I spent the first part of my adult life wearing sizes 7 and 9 in clothes, until the event, the incestuous encounter. What made my incestuous situation unusual? My perpetrator was my father, and I was an adult when it happened. I was in such shock after the event that for the next few days my brain (to help me survive, I guess) worked as hard as it could to make me believe it didn’t happen.

The day of the event, I walked into my therapist’s office and told her what had taken place that morning. I explained I needed to forgive him. I’d been raised in a religious home where we were taught to forgive. I saw forgiveness as the carrot at the end of the stick, so I felt I had to capture this carrot and hold it close to me. In her wisdom and training, my therapist patiently explained the importance of feeling and expressing my anger.

What was anger? I didn’t know. I didn’t ever remember experiencing it. I was always taught—perhaps brainwashed would be a better way to put it—to never yell, disrespect your elders, or talk back to your parents. I worked so hard at pleasing my parents and trying to be perfect as my religion dictated that any anger, which I certainly must have had from an early age, got shoved deeper and deeper. As an adult, I really had no clue what anger was.

So how does this tie in with my 60-pound (27-kg) weight gain? I became very depressed and suicidal, and I ate to feel better. I read that it’s common for incest survivors to eat to put on weight to make themselves unattractive and distance themselves from others. Deep down, I wanted physical distance between me and any available men I came in contact with, though I didn’t know what I was doing and why I was doing it. I just ate and ate desserts. Sometimes I even gave in and ate desserts for breakfast. All those years after the encounter, I wouldn’t wear dresses or skirts unless they were longer than knee-length. (It wasn’t until this summer that I finally wore shorts again.) On many levels, I was trying to make myself unattractive and undesirable to men.

As I worked through the emotional pain, the anger gradually began to fade, fear of my father began to lessen, and the forgiveness came. I can now be in a room alone with him, give him a hug, and tell him I love him. Time heals all wounds.

But while those years went by when I was working on releasing anger and feelings of betrayal, I continued to put on weight. I hated myself for my lack of discipline and willpower. Many, many times, I thought, “What is wrong with me? Why can’t I overcome this habit of running to desserts?” It happened when I was angry, or sad, or even when I was celebrating some occasion. About a year ago, it hit me. I’m an addict and my drug of choice is sugar in all forms.

I’d heard about OA from two friends. One had gone to meetings about fifteen years ago and lost all her excess weight and got off blood pressure medication.  She really inspired me, so I went to a couple of meetings but wasn’t willing to face my demons.

Four years ago, another friend entered OA. Week-by-week, I saw him gradually lose weight. Again, I went to a couple of meetings, but I wasn’t ready.

It wasn’t until four months ago that I realized I must do something to stop living in this pit of despair because nothing was working. I couldn’t manage to stay on a diet, let alone give up my drug. I looked up meetings in my town and went to my first meeting again. I continued to go, but I resisted the Step it would take to become willing to let go of my love of sugar.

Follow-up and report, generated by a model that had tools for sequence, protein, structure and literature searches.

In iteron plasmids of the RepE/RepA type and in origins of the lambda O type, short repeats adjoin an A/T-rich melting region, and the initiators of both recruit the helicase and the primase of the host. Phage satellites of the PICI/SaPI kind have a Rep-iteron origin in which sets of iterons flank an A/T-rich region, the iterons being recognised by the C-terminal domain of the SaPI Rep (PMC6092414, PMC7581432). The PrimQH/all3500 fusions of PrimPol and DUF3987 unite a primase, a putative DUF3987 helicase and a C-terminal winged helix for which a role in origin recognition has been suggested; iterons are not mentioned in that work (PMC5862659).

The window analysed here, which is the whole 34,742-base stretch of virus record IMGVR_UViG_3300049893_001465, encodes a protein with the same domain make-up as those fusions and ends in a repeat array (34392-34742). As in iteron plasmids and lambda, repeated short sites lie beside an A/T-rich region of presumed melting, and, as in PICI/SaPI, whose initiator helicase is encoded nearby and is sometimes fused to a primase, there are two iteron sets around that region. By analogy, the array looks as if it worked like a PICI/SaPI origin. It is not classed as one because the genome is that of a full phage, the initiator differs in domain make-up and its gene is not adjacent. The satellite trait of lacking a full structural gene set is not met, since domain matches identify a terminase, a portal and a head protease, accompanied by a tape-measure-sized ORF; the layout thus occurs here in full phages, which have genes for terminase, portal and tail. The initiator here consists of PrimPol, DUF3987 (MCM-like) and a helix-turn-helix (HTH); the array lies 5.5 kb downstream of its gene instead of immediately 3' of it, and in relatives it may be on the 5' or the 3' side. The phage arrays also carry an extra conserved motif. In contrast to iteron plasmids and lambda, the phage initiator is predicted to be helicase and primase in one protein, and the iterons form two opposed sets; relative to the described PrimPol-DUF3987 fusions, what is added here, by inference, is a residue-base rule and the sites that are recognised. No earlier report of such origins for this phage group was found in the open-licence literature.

About four weeks into it, after listening to stories from other members, I began to feel I wasn’t alone, and I wasn’t a horrible, undisciplined person. I have an addiction. The people at the meetings gave me hope that maybe I could do this too. They made me feel loved and accepted. After three weeks, I purchased two books, The Twelve Steps and Twelve Traditions of Overeaters Anonymous and Alcoholics Anonymous. I found a sponsor and began to work the program. Now as I write this, I have lived in abstinence for ninety days. Never, ever before had I lasted on any eating program longer than two weeks.

What surprised me most about this wonderful program is the spiritual practice of it. I walk a spiritual path, but I never thought OA or any Twelve Step program could help me in my walk with God. It’s a joy to meet and communicate with supportive members of my weekly meetings, and I am so grateful for the constant support of my sponsor. OA has changed my life. Not only am I getting healthier due to eating so much better, but I’m losing weight. I look forward to my meetings. I look forward to each day. I look forward to being “real.”

OA is helping me open up. Emotionally, it’s helping me be willing to tell people how I’m really feeling. I’m learning to set boundaries and express myself in ways that are not destructive to those around me or myself. I now have the courage to say how I’m feeling when asked. I realize when you truly love yourself you are able to focus on others.

I want to live in love. I’m learning that when I’m alone with my thoughts I can love myself. I believe we come to this planet to learn what it is to love ourselves, so we can then be free to love others. I believe we are here to love one another.

— Cecilia B., Laporte, Colorado USA

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